Lobster traps have changed form over the generations, and fishermen now rely more on technology. But the act of lobstering is the same: getting in a boat, grabbing a pair of gloves, stuffing a bait bag and, through experience, figuring out where the lobsters are.
Jason Joyce, 42, knows the routine well, as lobstering is his livelihood and his family’s legacy. He’s the eighth generation in his family to fish off Swan’s Island, which has 350 year-round residents and is located east of Stonington. His father’s side of the family first moved to the island in 1806.
This year he is surprised by the vast number of soft shell lobsters — often called shedders because they recently shed their hard shell in order to grow another. But he maintains perspective. Things come in cycles, he said. Even though he’s never seen so many shedders so early in the season, and his father hasn’t either, it doesn’t mean it hasn’t happened before.
Though he said he doesn’t think the glut of lobsters is a calamity, he knows that overall improvements can be made to the industry to grow consumer demand in order to meet rising supply. The goal should be to bring more stability to lobster pricing.
In 1981, the going price of lobster, adjusted for inflation to meet the equivalent of 2007 dollars, was $5.95 per pound, according to the Department of Marine Resources. In 2007, the going price was $4.75, a decrease of about 20 percent.
It’s not an average price for the year, but last week lobstermen on Swan’s Island were getting $2.30 per pound. Then the price dropped to an astounding $2.05.
Part of the problem — though it may be a good problem to have — is that lobstermen are catching a lot of lobsters due to the effect of conservation measures. Last year Maine caught a record of more than 100 million pounds — about double what was caught 10 years prior.
Dealers have relied largely on Canadian processors to purchase the crustaceans. But when there are a lot of Canadian lobsters, as there were this year, Maine runs out of buyers.
Joyce said he recognizes the need to expand the customer base. That’s why he likes a current proposal for a marketing campaign aimed at spreading the word about tasty Maine lobsters in order to boost sales and, therefore, prices.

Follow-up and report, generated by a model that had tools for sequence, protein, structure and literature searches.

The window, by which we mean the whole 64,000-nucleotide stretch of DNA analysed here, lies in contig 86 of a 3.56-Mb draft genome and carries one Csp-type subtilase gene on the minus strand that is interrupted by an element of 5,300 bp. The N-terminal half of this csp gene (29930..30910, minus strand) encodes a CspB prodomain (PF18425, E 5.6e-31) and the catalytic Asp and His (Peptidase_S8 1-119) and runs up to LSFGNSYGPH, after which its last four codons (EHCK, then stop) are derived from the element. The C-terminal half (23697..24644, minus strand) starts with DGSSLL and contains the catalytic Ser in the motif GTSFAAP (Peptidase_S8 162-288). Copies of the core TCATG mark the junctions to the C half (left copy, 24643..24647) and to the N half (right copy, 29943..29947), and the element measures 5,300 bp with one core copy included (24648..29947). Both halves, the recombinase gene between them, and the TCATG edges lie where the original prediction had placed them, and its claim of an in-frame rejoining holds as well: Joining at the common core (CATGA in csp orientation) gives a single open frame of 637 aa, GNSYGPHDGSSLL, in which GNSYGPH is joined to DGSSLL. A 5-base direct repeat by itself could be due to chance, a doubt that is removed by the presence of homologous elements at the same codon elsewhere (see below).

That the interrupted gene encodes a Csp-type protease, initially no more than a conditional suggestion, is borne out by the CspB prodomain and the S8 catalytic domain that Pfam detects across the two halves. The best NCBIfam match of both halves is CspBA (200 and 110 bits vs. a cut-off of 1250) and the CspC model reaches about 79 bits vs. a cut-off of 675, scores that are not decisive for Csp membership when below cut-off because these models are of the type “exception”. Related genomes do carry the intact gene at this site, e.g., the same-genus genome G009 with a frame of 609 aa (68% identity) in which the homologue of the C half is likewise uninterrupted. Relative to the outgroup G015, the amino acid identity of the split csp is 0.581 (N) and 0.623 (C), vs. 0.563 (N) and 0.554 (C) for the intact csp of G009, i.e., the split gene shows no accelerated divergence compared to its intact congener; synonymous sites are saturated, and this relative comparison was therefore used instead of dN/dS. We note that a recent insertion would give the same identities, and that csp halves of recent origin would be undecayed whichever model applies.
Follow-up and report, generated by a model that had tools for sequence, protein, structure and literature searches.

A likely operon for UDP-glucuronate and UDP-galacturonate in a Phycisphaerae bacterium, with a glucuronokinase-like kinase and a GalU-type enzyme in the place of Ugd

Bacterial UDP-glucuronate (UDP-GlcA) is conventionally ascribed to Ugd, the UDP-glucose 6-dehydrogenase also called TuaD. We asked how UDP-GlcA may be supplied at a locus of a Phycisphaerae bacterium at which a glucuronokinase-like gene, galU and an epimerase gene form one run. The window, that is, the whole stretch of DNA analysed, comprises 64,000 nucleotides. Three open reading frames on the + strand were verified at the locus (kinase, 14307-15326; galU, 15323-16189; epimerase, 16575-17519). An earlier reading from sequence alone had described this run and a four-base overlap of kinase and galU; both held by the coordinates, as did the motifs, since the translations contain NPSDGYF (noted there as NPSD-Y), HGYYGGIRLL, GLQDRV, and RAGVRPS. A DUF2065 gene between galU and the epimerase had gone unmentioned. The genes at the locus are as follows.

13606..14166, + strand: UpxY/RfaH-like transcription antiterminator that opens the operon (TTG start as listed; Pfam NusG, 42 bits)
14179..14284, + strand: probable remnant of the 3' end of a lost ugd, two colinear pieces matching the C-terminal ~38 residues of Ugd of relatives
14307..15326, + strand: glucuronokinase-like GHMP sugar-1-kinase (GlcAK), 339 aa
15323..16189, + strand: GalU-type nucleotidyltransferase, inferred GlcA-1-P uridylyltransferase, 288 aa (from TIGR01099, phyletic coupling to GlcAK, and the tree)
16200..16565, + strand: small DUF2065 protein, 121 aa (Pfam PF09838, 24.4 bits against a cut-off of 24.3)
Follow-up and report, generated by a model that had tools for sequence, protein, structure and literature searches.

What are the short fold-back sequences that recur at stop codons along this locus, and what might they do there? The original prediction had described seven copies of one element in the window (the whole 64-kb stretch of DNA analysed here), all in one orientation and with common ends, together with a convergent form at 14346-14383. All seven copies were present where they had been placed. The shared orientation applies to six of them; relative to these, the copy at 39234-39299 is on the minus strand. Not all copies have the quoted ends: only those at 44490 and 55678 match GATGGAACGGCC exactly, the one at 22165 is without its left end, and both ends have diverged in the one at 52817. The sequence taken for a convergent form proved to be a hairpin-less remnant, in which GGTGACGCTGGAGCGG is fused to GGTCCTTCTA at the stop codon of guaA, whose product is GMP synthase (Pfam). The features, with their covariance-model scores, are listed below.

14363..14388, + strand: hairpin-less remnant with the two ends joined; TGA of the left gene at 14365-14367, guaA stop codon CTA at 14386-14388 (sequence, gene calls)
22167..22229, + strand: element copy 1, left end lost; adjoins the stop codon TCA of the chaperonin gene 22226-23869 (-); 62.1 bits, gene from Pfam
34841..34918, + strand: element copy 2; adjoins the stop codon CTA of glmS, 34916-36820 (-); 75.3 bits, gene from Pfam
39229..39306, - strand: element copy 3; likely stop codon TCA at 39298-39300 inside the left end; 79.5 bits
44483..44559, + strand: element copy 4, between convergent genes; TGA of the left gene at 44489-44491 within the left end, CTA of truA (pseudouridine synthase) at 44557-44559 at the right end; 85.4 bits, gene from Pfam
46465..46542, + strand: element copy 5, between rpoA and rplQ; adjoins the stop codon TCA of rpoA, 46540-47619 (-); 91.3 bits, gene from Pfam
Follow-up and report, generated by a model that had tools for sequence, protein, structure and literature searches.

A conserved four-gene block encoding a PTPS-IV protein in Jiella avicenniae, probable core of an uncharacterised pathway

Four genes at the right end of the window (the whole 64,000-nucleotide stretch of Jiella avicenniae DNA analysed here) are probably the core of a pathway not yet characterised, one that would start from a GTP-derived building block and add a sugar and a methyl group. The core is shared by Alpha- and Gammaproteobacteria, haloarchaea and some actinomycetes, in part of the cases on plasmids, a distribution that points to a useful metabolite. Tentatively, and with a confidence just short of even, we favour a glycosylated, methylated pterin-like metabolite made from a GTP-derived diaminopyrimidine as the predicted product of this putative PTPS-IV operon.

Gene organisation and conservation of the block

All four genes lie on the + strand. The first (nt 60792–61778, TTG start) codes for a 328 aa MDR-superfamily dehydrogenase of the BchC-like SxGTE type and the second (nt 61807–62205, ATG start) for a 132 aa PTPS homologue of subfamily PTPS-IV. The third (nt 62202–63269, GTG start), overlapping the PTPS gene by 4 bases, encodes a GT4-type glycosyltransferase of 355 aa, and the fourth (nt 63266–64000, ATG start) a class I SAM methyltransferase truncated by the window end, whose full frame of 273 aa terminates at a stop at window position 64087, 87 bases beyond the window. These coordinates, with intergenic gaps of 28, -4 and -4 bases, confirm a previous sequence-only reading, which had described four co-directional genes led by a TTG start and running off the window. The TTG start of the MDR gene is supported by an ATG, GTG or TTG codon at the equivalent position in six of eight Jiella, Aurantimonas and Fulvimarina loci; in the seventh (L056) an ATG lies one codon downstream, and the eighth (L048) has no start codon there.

A marketing subcommittee has recommended to the state Lobster Advisory Council that at least $3 million be spent on marketing efforts to build global demand for Maine lobster. The Maine Lobster Promotion Council currently spends $400,000. An increased marketing effort would be phased in over three years and would be paid for by lobstermen, dealers and processors.
“I think the price is so low now, as fishermen if we gave up 3 cents a pound or 5 cents a pound and contribute it toward marketing, we’d get that back,” Joyce said.
He also likes the idea of increasing the number of value-added lobster products, which could include frozen lobster tails, frozen lobster meat, lobster casserole or lobster pot pie. It’s important to adapt, and younger generations are less likely to cook a whole lobster.
Another way to help the industry? Be a smart consumer. People who go out for a lobster dinner should search for restaurants that decrease their prices when lobstermen are also getting low prices, he said. If a restaurant or store is honest about the price, it should be rewarded with more business. (And lower prices could result in more sales anyway).
Joyce — in addition to many other lobstermen — have adapted in order to survive, so the industry should, too.
After prices dropped in 2008, Joyce got his state arborist license in order to care for trees. He’s a licensed captain and takes people out in his boat for tours or to fish. He’s a registered Maine guide, and he helps the Penobscot East Resource Center with its groundfish study work. He does all this while putting out 475 traps.
He enjoys and believes in his work.
“I was raised with a strong work ethic of: You really put your heart into it, and you do your best. You won’t fail. You may not make a great living, but you will make a good enough living to support your family,” he said. “It’s a way of life people would pay money for, to be a part of a community like we are.”
When people buy Maine lobster, he said they should remember they are supporting a sustainable fishery. Many conservation measures were passed — with fishermen support — in order to maintain a large population of lobsters. The water is clean. The surroundings are beautiful.
And the lobsters? They’re delicious.